“AS VALUABLE AS IT IS AMUSING,” “THE FIRST ENGLISH HANDBOOK ON CONTINENTAL TRAVEL”: RARE FIRST EDITION OF CORYATE’S CRUDITIES, 1611, WITH SIX WOODCUT PLATES, HANDSOMELY BOUND
CORYATE, Thomas. Coryats Crudities. Hastily gobled up in five Moneths travells… London: Printed by W[illiam] S[tansby, for the Author], 1611. Octavo, late-19th century full brown paneled morocco gilt, elaborately gilt-decorated spine, raised bands, marbled endpapers, all edges gilt. $28,000.
Rare first edition of the legendary traveler Thomas Coryate’s “lively and informative” account (Baugh et al., 623) of his prolific travels through the major cities of 17th-century Europe, “the first English handbook on continental travel,” long coveted by collectors, illustrated with six woodcut plates (two folding), handsomely bound by Bedford.
“Thomas Coryate (1577?-1617) studied but did not take a degree at Oxford; [of small stature], he eventually he became a kind of jester in the court of James I, where his learning and wit brought him a small income….Coryate probably acquired some property after his father’s death, which allowed him to embark on a tour through Europe in 1608. He visited forty-five countries in five months and produced a journal of his travels…the first English handbook on continental travel” (Kaplan, The Merchant of Venice). Coryate traveled, by his reckoning, some 1,975 miles, most of which he covered by foot, Coryate found it difficult to find a publisher for his account, so “he applied to every person of eminence whom he knew, and many whom he can scarcely have known at all, to write commentary verses upon himself, his book, and his travels, and by his unwearied pertinacity and unblushing importunity contrived to get together the most extraordinary collection of testimonials which have ever been gathered in a single sheaf. More than sixty of the most brilliant and illustrious literati of the time [including Drayton, Chapman, Donne and Jonson, who wrote of Coryate “he is a great and bold carpenter of words”] were among the contributors to this strange farrago, the wits vying with one another in their attempts to produce mock heroic verses, turning Coryate to solemn ridicule. Ben Jonson undertook to edit these amusing panegyrics, which actually fill 108 quarto pages [of the book]… It was the first, and for long remained the only, handbook for continental travel” (DNB). “He had, and still has, a paradoxical reputation. On the one hand, he was a kind of comedian, a learned buffoon, a butt for courtly wits and poets like John Donne and Ben Jonson, who both knew him well. On the other hand, he was the immensely tough and courageous traveler, whose remarkable journeys through Europe and Asia were made almost entirely on foot….The Crudities gives an exhaustive account of his travels in Europe, but his long peregrinations in the East are more sparsely documented” (Charles Nicholl).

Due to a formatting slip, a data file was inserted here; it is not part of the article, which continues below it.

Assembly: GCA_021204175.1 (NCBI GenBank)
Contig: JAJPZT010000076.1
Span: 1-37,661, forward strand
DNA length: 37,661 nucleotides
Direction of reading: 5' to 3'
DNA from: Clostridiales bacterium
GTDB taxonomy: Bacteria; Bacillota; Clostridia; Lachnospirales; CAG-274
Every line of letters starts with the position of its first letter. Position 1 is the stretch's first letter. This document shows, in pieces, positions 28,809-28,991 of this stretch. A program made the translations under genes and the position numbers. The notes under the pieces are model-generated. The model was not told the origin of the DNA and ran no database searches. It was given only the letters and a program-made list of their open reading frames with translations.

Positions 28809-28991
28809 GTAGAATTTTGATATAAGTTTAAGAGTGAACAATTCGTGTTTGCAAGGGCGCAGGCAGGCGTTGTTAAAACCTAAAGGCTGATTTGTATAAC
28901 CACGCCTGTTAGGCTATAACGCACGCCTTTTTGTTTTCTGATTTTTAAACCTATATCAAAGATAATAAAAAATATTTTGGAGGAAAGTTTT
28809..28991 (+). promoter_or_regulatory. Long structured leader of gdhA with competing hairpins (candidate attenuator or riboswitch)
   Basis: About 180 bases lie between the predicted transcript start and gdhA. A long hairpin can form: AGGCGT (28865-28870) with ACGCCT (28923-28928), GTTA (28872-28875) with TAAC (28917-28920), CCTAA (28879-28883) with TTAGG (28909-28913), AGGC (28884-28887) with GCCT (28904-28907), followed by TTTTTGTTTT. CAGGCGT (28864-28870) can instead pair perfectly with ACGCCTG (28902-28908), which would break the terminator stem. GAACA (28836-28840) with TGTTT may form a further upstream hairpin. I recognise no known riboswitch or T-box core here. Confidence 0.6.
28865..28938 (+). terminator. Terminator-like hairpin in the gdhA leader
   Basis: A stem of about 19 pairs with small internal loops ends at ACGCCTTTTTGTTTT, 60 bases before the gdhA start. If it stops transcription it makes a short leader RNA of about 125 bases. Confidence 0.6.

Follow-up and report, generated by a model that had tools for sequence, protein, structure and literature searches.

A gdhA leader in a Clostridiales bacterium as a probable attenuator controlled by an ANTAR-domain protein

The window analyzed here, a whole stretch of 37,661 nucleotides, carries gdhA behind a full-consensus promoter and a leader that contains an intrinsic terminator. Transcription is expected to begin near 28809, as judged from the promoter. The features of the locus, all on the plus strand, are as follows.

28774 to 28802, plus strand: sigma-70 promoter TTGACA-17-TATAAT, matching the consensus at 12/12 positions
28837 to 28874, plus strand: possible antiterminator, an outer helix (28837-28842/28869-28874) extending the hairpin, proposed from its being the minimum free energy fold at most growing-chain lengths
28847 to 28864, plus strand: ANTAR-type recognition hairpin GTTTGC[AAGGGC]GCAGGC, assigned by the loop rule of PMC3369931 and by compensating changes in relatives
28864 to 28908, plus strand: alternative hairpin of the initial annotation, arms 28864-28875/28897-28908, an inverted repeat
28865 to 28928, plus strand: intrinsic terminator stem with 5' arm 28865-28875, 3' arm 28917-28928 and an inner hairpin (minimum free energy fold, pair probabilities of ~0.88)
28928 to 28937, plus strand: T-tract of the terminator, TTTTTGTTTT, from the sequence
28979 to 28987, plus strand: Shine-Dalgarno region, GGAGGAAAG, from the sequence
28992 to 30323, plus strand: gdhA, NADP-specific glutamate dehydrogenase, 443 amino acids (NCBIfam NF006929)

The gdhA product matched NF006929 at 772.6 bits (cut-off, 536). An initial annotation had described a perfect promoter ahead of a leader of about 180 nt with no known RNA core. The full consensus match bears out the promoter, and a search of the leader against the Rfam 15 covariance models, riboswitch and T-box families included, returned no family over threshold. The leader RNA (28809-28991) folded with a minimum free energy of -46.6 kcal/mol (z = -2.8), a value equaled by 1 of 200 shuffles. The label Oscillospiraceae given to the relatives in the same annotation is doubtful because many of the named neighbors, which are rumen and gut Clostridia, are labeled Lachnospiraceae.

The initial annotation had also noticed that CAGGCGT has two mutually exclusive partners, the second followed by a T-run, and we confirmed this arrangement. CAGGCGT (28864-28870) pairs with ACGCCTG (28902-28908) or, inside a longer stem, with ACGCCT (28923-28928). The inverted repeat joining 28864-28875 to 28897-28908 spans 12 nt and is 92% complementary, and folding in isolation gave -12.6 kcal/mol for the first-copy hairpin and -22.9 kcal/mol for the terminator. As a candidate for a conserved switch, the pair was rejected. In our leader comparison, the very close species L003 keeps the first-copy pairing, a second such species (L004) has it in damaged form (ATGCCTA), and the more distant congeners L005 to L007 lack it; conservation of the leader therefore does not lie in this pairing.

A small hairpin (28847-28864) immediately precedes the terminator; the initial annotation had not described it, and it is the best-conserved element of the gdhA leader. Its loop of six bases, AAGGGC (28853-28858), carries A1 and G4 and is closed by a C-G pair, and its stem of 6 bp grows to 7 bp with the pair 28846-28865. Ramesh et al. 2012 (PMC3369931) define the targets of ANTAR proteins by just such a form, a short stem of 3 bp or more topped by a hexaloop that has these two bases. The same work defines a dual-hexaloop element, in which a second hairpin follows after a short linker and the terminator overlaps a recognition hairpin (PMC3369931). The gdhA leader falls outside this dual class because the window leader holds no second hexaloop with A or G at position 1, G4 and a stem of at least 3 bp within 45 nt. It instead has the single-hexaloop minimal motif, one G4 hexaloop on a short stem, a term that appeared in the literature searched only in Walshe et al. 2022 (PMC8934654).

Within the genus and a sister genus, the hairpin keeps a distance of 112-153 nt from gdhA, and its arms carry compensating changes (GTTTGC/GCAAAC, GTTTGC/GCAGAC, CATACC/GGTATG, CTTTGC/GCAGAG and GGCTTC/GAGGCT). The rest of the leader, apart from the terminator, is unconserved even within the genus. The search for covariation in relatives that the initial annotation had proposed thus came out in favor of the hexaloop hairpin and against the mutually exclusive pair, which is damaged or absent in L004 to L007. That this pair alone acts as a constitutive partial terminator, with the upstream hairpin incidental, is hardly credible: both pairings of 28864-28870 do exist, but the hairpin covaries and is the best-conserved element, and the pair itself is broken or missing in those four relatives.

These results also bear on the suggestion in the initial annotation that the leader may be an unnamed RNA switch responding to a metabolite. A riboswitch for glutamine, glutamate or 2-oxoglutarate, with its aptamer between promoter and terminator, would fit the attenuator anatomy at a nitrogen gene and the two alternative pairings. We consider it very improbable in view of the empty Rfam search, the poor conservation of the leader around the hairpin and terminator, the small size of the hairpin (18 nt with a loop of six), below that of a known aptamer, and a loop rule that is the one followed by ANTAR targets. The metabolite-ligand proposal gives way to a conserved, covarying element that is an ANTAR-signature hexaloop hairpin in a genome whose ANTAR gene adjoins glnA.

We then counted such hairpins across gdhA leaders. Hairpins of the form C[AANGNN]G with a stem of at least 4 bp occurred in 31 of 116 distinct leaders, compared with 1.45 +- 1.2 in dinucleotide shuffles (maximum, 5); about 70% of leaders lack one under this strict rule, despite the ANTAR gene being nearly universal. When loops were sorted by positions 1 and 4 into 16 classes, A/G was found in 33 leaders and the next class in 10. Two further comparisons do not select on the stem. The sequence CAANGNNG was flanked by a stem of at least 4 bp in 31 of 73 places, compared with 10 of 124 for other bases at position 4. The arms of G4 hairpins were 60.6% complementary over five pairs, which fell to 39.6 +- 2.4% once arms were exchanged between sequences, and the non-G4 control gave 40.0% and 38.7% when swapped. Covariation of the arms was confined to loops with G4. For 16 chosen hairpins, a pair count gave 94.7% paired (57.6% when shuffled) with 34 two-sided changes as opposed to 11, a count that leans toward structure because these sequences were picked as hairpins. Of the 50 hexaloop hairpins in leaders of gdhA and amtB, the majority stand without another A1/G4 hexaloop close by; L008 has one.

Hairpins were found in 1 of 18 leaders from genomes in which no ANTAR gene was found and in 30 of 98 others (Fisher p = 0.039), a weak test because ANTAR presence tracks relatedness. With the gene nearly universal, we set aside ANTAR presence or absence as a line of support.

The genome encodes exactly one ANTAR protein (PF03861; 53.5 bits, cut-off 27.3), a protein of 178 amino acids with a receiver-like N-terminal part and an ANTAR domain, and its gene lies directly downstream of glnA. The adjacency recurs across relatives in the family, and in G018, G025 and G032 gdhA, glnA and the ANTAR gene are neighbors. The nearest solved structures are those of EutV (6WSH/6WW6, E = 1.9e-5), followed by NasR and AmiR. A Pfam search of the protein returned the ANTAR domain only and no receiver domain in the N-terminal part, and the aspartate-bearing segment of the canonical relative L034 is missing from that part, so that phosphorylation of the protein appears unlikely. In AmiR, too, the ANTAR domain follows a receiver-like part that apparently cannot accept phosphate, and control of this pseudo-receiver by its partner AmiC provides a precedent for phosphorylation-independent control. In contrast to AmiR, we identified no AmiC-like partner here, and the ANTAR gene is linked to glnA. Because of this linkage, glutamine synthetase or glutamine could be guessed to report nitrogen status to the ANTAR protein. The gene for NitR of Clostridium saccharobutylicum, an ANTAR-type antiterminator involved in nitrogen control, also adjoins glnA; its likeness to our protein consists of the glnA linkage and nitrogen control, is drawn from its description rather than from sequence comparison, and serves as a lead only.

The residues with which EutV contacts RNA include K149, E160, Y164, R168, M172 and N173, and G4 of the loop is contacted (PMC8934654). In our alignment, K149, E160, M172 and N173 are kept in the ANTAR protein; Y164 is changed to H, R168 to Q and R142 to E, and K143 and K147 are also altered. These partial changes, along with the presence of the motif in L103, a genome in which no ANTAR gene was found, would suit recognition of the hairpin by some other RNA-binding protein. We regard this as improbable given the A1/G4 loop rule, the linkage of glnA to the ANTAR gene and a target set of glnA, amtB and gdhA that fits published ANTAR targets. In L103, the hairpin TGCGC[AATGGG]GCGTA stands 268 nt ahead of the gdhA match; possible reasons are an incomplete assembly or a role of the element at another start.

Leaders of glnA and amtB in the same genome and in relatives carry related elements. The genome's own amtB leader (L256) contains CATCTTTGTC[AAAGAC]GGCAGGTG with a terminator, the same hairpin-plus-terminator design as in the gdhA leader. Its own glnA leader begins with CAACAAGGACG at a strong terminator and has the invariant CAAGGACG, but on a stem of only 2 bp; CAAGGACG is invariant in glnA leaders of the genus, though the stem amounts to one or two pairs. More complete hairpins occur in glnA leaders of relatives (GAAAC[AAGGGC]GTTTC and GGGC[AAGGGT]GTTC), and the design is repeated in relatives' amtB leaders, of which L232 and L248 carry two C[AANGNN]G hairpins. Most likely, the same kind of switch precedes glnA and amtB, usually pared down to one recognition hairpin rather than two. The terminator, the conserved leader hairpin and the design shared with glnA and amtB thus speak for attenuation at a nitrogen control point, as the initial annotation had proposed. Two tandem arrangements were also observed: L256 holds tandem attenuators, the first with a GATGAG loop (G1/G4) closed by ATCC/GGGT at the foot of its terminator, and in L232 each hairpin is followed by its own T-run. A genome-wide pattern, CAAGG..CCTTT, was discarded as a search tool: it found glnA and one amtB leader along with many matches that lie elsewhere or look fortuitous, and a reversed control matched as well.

In 1612, with the success of the Crudities, Coryate set out on even more ambitious journey, a 5000-mile trek by foot to India, where he died in 1617 of an illness in the port city Surat. “He is often credited with introducing the table fork to England, and his description of how the Italians shielded themselves from the sun resulted in the word ‘umbrella’ being introduced into English… This volume gives a vivid picture of life in Europe during the time; it is particularly important to music historians for giving extraordinary details of the activities of the Venetian School, one of the most famous and progressive contemporary musical movements in Europe” (View from the Bow). With all plates: elaborately engraved title page by William Hole (often lacking), full-page armorial woodcut (the plume of feathers of Henry, Prince of Wales, leaf b4v) and four more woodcut plates (including two folding); also with decorative woodcut head- and tailpieces and initials. STC 5808. Cox I:97. Lowndes, 528. Langland to Wither 49. Bookplate of Albert Ehrman, Broxbourne Library.
Title page skillfully mounted. Usual soiling on letterpress title, mended tear in leaf R8 entering but not obscuring text. Light rubbing to front joint. A lovely copy in excellent condition.